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Gull breeding colony in Indiana on Lake Michigan.

Often overlooked, and almost always under counted, the gull is the House Sparrow of the shoreline.  They are resourceful, inquisitive and intelligent birds.They demonstrate complex methods of communication and one can observe a highly developed social structure.  With lifespans approaching 30 years, they’ve seen their fare share of pre-teens trying to devise a way to capture them with the enticement of a potato chip or French fry. They likely have seen their fair share of swimsuit fashion changes too.

The budding gull birder, or larophile, as some obsessive gull freaks call themselves, need only to learn two main species intimately during the summer months.  The abundant Ring-billed Gull and larger and less common (in the summer) Herring Gull.  The former breeds in large super colonies at the local steel mills to the west of the state park.  Over 20,000 nesting pairs can be seen making the daily pilgrimage along the lakeshore in May to feed hungry young.  First heading out from the mills, then heading back in steady streams at dusk.

Ring-billed Gull in summer breeding plumage.
Ring-billed Gull in summer breeding plumage.

The first rule for any birder wishing to truly learn the gulls is to appreciate the complex variations in the Ring-billed Gull.  These variations occur with age, with plumage molts, and with time of year.  There are too many combinations to count!  But you must know these if you’re to start separating out the rarer gulls.  Separate the larger, pink-legged, and yellow eyed Herring Gulls and you’ve got most of the summer gulls ID’d.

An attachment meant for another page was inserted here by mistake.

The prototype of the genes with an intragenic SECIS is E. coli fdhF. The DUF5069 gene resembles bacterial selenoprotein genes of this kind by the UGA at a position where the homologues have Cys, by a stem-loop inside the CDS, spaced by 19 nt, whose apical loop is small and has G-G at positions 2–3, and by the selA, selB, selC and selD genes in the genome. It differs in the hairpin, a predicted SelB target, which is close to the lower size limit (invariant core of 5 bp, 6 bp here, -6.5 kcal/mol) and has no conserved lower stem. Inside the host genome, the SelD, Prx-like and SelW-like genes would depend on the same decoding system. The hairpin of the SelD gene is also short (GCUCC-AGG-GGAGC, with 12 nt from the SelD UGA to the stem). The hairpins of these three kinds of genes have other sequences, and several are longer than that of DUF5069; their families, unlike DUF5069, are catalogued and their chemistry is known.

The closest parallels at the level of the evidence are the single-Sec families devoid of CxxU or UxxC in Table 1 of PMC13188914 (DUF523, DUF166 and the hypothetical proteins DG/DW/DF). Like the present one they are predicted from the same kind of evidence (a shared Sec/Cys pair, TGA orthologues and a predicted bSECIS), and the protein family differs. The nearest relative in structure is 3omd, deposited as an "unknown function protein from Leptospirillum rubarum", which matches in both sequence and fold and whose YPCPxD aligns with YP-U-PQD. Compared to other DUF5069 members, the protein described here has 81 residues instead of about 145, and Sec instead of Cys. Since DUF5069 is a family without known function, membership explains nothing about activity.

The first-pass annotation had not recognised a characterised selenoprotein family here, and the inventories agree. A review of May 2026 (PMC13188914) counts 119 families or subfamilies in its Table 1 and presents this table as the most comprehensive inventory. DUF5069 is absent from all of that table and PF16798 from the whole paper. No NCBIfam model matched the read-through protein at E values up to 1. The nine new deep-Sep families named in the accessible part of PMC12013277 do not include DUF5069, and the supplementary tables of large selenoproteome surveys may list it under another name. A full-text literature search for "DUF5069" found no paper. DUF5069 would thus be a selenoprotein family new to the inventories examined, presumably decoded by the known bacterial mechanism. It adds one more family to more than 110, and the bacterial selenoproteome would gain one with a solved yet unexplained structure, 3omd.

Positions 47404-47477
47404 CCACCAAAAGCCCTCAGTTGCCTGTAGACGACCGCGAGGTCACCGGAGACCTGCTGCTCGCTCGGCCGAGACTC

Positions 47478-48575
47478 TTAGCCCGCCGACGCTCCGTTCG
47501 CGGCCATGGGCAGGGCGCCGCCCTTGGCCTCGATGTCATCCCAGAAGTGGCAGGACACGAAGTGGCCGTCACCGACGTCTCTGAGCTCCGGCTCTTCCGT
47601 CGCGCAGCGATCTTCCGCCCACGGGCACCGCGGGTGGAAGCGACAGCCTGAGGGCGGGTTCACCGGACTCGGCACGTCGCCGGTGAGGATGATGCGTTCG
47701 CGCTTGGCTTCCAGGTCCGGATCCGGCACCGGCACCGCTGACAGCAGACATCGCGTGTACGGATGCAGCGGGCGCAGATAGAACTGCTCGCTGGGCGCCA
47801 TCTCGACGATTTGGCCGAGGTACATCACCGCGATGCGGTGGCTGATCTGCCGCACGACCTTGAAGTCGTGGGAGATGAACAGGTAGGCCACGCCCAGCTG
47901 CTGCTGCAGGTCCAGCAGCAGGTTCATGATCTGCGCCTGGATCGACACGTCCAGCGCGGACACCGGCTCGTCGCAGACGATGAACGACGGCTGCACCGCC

Winter months bring an assortment of northern gull species that makes the gull ID more challenging, fun, and interesting.  All of this is stifled, of course, by the bone chilling cold that winter gulling brings with it.  A couple great sites near the dunes to see some of these wintering gulls include Michigan City Harbor, Port of Indiana, and the Whiting BP Refinery Beach.

There are many worth pouring through field guides to get to know.  Listed below are only the most common and easiest to ID winter visitors.  This is certainly not the end-all for gull ID in the dunes, but a glimpse of a few that don’t take too much research to get to know.  The Great Black-backed Gull is a bully of a large gull that can be easy to ID.  It’s large size makes it the largest gull species in the world.  It’s dark black back, pink legs, and clean white head and neck (nape) separate it from the smaller Lesser Black-backed Gull.  Adult Lesser’s are more known for their slightly lighter colored back, yellow legs, and more heavily streaked head and neck in the winter months.

Great Black-backed Gull
Great Black-backed Gull